Ascertation In Macbeth

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Over the course of Shakespeare’s Macbeth, the titular main character has a singular burning desire: to become King of Scotland and to retain the title for as long as humanly possible. It can be assumed that initially Macbeth thinks that becoming King will result in happiness and prosperity for himself and his family, though in actuality the exact opposite is true. Macbeth explores the idea that success does not necessarily bring happiness, an ironic and paradoxical statement that holds true throughout the play. This ascertation can be proven by the fact that Macbeth succeeds in his goals in attaining power and high status, yet all that comes from this success is misery, anguish, and insanity. Throughout the play, Macbeth succeeds in his primary …show more content…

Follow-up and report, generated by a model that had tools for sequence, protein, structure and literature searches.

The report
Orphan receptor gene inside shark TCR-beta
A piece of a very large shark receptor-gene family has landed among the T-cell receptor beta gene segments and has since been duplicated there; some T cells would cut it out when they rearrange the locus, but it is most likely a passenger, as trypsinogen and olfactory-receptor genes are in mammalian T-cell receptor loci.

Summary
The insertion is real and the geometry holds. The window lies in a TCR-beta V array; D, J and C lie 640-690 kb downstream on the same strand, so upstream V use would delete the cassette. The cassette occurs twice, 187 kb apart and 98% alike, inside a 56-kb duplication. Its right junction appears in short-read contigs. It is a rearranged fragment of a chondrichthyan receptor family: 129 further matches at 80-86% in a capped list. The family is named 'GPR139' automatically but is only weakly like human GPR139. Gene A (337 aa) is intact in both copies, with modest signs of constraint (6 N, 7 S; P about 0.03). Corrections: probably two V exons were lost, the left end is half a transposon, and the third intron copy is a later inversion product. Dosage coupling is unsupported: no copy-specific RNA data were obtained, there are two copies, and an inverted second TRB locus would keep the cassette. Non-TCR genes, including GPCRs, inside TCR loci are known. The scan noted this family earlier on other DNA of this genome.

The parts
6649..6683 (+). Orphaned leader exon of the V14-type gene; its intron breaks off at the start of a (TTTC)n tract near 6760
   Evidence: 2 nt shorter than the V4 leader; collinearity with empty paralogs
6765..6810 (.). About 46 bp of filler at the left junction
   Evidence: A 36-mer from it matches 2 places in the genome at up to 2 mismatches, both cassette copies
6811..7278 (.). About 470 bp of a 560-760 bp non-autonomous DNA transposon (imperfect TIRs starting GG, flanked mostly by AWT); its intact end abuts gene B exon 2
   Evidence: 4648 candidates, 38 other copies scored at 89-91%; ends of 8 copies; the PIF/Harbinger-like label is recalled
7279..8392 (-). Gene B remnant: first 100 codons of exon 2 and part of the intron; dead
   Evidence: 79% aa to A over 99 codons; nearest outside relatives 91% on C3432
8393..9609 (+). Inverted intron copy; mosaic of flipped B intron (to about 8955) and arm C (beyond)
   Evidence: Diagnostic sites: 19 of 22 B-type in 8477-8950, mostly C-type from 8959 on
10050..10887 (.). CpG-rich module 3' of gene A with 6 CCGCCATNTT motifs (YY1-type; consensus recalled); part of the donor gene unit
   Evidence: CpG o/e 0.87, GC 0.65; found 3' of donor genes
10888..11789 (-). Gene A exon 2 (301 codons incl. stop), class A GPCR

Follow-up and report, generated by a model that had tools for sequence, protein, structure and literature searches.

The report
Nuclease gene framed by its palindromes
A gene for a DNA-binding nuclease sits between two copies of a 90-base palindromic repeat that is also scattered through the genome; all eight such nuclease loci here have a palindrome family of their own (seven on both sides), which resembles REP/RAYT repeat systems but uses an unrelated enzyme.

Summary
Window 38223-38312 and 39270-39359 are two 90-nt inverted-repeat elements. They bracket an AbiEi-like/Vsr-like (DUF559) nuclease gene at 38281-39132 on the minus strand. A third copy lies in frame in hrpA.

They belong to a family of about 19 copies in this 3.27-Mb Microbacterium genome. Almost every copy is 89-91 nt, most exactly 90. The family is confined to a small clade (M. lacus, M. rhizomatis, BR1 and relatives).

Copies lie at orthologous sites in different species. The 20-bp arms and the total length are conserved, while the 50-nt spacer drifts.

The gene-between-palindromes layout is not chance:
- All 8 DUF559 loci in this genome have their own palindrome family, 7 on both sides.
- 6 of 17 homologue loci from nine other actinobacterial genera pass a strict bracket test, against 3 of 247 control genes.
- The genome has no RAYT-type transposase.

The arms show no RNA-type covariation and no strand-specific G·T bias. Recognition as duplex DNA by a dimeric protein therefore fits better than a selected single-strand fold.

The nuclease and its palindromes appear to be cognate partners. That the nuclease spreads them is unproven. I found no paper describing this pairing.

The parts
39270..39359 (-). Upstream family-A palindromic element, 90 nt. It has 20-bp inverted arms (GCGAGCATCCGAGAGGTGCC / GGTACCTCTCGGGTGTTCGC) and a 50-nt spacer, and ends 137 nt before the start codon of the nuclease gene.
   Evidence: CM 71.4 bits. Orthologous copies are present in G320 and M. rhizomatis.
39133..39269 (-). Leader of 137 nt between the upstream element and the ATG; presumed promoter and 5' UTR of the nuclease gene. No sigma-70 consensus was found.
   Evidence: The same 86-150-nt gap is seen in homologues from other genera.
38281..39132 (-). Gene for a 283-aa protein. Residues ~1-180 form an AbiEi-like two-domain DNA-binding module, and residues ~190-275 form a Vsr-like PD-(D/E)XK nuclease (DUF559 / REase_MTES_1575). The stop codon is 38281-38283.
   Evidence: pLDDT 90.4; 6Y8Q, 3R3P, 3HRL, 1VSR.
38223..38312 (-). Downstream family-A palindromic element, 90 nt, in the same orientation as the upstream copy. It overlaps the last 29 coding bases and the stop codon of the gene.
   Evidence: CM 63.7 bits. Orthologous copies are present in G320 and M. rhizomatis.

After Macbeth murders Duncan, he feels sickened with himself, stating “I am afraid to think what I have done; Look on't again I dare not” (2.2, line 67). It is at this point that he begins to lose some of his sanity. After he murders Duncan he becomes almost frantic, spouting nonsense and ramblings such as "How is’t with me, when every noise appals me? / What hands are here! Ha, they pluck out mine eyes. / Will all great Neptune’s ocean wash this blood / Clean from my hand? No, this my hand will rather / The multitudinous seas incarnadine, / Making the green one red" (2.2, line 76) which shows that his mental state has already started to deteriorate. After the initial murder and subsequent promotion to King, Macbeth grows more and more paranoid, eventually hating being King and acting out of fear rather than sane thought. He believes that “Upon my head they plac'd a fruitless crown, And put a barren sceptre in my gripe, Thence to be wrench'd with an unlineal hand” (3.1, line 66) and begins to fear that he will be overthrown and that his descendants will not be rulers because of the witches prophecy that Banquo’s offspring would become Kings. This paranoia is also demonstrated when Macbeth states “To be thus is nothing; But to be safely thus: (3.1, line 50) which leads Macbeth to the conclusion that he must kill Banquo. Once he does, however, his sanity is permanently lost as he begins to see the ghost of his former friend. All of Macbeth’s success led to more problems because of the problematic way in which he procured this success. Even though Macbeth in the end got what he originally wanted, all the power in the world could not save him from the consequences of his

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